Tuesday, 19 April 2011


Human rights organizations are charging that NATO has been using white phosphorus, a napalm-like chemical to combat the rebels of Afghanistan. While I would like to hear about use of white phosphorous from the Pentagon or some official NATO source, or at least have empirical evidence independently confirmed before stating as fact that this monstrous and illegal activity is indeed taking place, we have at least one issue that should concern the US if the allegations are correct. 

In the June 1984 issue of the State Department Bulletin, the US raised the issue of chemical weapons use in Afghanistan during the Russian invasion. The US argued that chemical weapons use constituted a "violation of the Geneva Protocol of 1925, related rules of customary international law, and the 1972 Biological and Toxin Weapons Convention." Moreover, the US took its case before the UN General Assembly at a time that president Reagan's defense secretary was talking about 'limited nuclear war' as 'acceptable' as long as it does not take place in the US.

That was then when the Soviets had troops in Afghanistan. In the 1980s, the CIA encouraged Afghan war lords to have peasant grow heroin along with hashish that was sold to Soviet troops. During the last ten years, war lords have used the exact same strategy on NATO troops they used on Soviets. This is one problem facing NATO troops that know better than anyone the war in Afghanistan is a lost cause. 

From 2003 until 2009, the media reported that Afghan rebels were allegedly using white phosphorus. But who exactly produces white phosphorus? We know that Israel has used it against Palestinians. The chemical decomposes the human flesh like a strong acid poured. If Afghan rebels acquired white phosphorus, who provided it for them?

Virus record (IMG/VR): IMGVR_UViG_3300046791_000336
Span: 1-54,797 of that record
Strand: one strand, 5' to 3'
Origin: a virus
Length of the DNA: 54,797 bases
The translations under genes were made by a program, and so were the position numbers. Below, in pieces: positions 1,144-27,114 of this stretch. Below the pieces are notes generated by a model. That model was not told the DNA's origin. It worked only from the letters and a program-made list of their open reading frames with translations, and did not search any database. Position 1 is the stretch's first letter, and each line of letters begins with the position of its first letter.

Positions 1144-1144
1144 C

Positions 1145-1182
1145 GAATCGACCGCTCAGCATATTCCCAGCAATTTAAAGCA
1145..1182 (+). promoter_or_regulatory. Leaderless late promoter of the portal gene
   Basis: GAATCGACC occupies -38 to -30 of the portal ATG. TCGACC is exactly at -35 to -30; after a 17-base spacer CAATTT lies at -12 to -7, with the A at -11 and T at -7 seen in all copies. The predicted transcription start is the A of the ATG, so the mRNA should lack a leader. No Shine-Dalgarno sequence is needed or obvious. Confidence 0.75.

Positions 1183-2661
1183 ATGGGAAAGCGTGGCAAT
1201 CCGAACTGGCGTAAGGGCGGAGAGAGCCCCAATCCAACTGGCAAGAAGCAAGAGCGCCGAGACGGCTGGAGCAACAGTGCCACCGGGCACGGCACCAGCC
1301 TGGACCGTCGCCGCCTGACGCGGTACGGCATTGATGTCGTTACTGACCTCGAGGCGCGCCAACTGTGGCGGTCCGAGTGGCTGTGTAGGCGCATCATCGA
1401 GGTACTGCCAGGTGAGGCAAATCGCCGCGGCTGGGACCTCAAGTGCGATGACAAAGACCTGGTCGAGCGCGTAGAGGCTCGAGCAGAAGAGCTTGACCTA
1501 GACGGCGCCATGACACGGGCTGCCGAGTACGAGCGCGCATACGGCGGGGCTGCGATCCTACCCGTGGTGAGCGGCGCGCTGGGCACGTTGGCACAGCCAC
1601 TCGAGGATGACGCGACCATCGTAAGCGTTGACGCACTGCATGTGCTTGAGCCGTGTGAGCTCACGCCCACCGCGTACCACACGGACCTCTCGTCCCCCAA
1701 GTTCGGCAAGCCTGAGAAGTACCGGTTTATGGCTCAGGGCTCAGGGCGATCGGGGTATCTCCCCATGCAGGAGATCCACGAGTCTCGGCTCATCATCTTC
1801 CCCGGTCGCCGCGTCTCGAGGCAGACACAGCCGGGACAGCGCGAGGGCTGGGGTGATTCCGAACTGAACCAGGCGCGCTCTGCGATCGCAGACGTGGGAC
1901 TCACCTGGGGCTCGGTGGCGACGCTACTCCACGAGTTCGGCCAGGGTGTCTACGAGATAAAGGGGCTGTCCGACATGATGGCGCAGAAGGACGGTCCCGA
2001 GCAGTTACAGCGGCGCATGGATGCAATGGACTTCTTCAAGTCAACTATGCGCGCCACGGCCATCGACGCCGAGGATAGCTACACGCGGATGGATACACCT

China and Russia may be candidates, but not the only ones, if they have any role at all. Another possibility is that the Soviets left behind white phosphorus in the 1980s. But how much of this stuff was left behind and who exactly took inventory of it? How did it fall into rebel hands after more than two decades? The logistics of how white phosphorus could be in rebel hands now leaves more unanswered questions and it appears as a pretext to deflect attention from possible NATO use. The US government and western media have accused the rebels of using the chemical, and in every instance admitted that NATO uses it but for uses other than warfare, although related to war. This is as close to an admission of use as we will ever get from the US and NATO.

NATO and US have a history of denying atrocities and war crimes that contracted mercenaries and US-paid warlords carry out against civilians. Theft, rape and murder, desecration of mosques and mutilation of corpses are some of the atrocities that US-paid warlords have carried out. The US has backed ethnic Tajik elements against ethnic Pashtun civilians. Although the UN confirmed allegations of war atrocities and US/NATO use of disparate ethnic tribes against one another, NATO denies any wrongdoing.
If there is hard evidence to prove US/NATO use of chemical weapons, if the UN or other entity does eventually provide such evidence, should some neutral country - let us say Brazil - take the issue before the UN General Assembly, should human rights groups bring symbolic law suits against US and NATION leadership for violating the Geneva Protocol of 1925 and the 1972 Biological and Toxin weapons Convention, for death squads by mercenary soldiers and for committing crimes against humanity? How much difference does the banned use of chemical warfare make amid mass catastrophe in Afghanistan? And all toward what possible benefit to any one except a few corporations making money from war and destruction?

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